Scott Olson Getty Images via: International Business Times
The police response to protests and riots in Ferguson, Missouri were filled with images that have become commonplace all over the world in the last decade. Police dressed in once futuristic military gear confronting civilian protesters as if they were a rival army. The uniforms themselves put me in mind of nothing so much as the storm-troopers from Star Wars. I guess that would make the rest of us the rebels.
A democracy has entered a highly unstable state when its executive elements, the police and security services it pays for through its taxes, that exist for the sole purpose of protecting and preserving that very community, are turned against it. I would have had only a small clue as to how this came about were it not for a rare library accident.
I was trying to get out a book on robots in warfare for a project I am working on, but had grabbed the book next to it by mistake. Radley Balko’s The Rise of the Warrior Cop has been all over the news since Ferguson broke, and I wasn’t the first to notice it because within a day or two of the crisis the book was recalled. The reason is that Ferguson has focused public attention on an issue we should have been grappling with for quite some time – the militarization of America’s police forces. How that came about is the story The Rise of the Warrior Cop lays out cogently and with power.
As Balko explains much of what we now take as normal police functions would have likely been viewed by the Founders as “a standing army”, something they were keen to prevent. In addition to the fact that Americans were incensed by the British use of soldiers to exercise police functions, the American Revolution had been inspired in part by the use by the British of “General Warrants” that allowed them to bust into American and search homes in their battle against smuggling. From its beginning the United States has had a tradition of separation between military and police power along with a tradition of limiting police power, indeed, this the reason our constitutional government exists in the first place.
Balko points out how the U.S. as it developed its own police forces, something that became necessary with the country’s urbanization and modernization, maintained these traditions which only fairly recently started to become eroded largely beginning with the Nixon administration’s “law and order” policy and especially the “war on drugs” launched under Reagan.
In framing the problem of drug use as a war rather than a public health concern we started down the path of using the police to enforce military style solutions. If drug use is a public health concern then efforts will go into providing rehabilitation services for addicts, addressing systemic causes and underlying perceptions, and legalization as a matter of personal liberty where doing so does not pose inordinate risk to the public. If the problem of drug use is framed as a war then this means using kinetic action to disrupt and disable “enemy” forces. It means adhering as close to the limits of what is legally allowable when using force to protect one’s own “troops”. It mean mass incarceration of captured enemy forces. Fighting a war means that training and equipment needs focus on the effective use of force and not “social work”.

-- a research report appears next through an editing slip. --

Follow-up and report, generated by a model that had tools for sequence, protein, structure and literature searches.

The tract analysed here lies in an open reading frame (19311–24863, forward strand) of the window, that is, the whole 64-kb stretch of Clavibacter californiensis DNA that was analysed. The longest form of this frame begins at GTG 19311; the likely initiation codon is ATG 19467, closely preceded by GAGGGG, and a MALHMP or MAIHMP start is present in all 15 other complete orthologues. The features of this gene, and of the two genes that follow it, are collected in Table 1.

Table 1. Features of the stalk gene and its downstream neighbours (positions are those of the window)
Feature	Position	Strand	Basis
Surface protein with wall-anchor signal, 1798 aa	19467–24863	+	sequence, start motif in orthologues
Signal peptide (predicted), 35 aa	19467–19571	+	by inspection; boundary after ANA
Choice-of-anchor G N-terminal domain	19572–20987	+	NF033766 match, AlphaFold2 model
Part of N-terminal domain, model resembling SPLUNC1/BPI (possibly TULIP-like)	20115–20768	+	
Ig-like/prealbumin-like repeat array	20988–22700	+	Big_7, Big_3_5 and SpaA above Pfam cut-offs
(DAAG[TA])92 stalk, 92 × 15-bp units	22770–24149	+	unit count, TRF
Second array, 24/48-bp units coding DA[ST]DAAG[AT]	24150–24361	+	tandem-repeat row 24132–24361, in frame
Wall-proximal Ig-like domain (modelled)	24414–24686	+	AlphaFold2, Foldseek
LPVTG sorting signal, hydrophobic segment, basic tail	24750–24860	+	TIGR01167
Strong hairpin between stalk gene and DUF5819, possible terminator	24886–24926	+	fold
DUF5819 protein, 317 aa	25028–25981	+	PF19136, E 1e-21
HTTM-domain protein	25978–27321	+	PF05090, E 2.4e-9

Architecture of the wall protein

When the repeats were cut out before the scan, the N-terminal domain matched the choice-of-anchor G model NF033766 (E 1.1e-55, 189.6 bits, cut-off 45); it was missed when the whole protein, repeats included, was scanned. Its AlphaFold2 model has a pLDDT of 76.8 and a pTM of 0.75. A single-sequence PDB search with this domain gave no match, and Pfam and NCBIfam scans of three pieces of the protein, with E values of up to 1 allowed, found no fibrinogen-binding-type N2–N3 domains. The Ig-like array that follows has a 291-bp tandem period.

The militarization of America’s police forces that began in earnest with the war on drugs, Balko reminds us, is not an issue that can easily be reduced to Conservative vs Liberal, Republican vs Democrat. In the 1990’s conservatives were incensed at police brutality and misuse of military style tactics at Waco and Ruby Ridge. Yet conservatives largely turned a blind eye to the same brutality turned against anarchists and anti-globalization protestors in The Battle of Seattle in 1999. Conservatives have largely supported the militarized effort to stomp out drug abuse and the use of swat teams to enforce laws against non-violent offenders, especially illegal immigrants.
The fact that police were increasingly turning to military tactics and equipment was not, however, all an over-reaction. It was inspired by high profile events such as the Columbine massacre, and a dramatic robbery in North Hollywood in 1997. In the latter the two robbers Larry Phillips, Jr. and Emil Mătăsăreanu wore body armor police with light weapons could not penetrate. The 2008 attacks in Mumbai in which a small group of heavily armed and well trained terrorists were able to kill 164 people and temporarily cripple large parts of the city should serve as a warning of what happens when police can not rapidly deploy lethal force as should a whole series of high profile “lone wolf” style shootings. Police can thus rationally argue that they need access to heavy weapons when needed and swat teams and training for military style contingencies as well. It is important to remember that the police daily put their lives at risk in the name of public safety.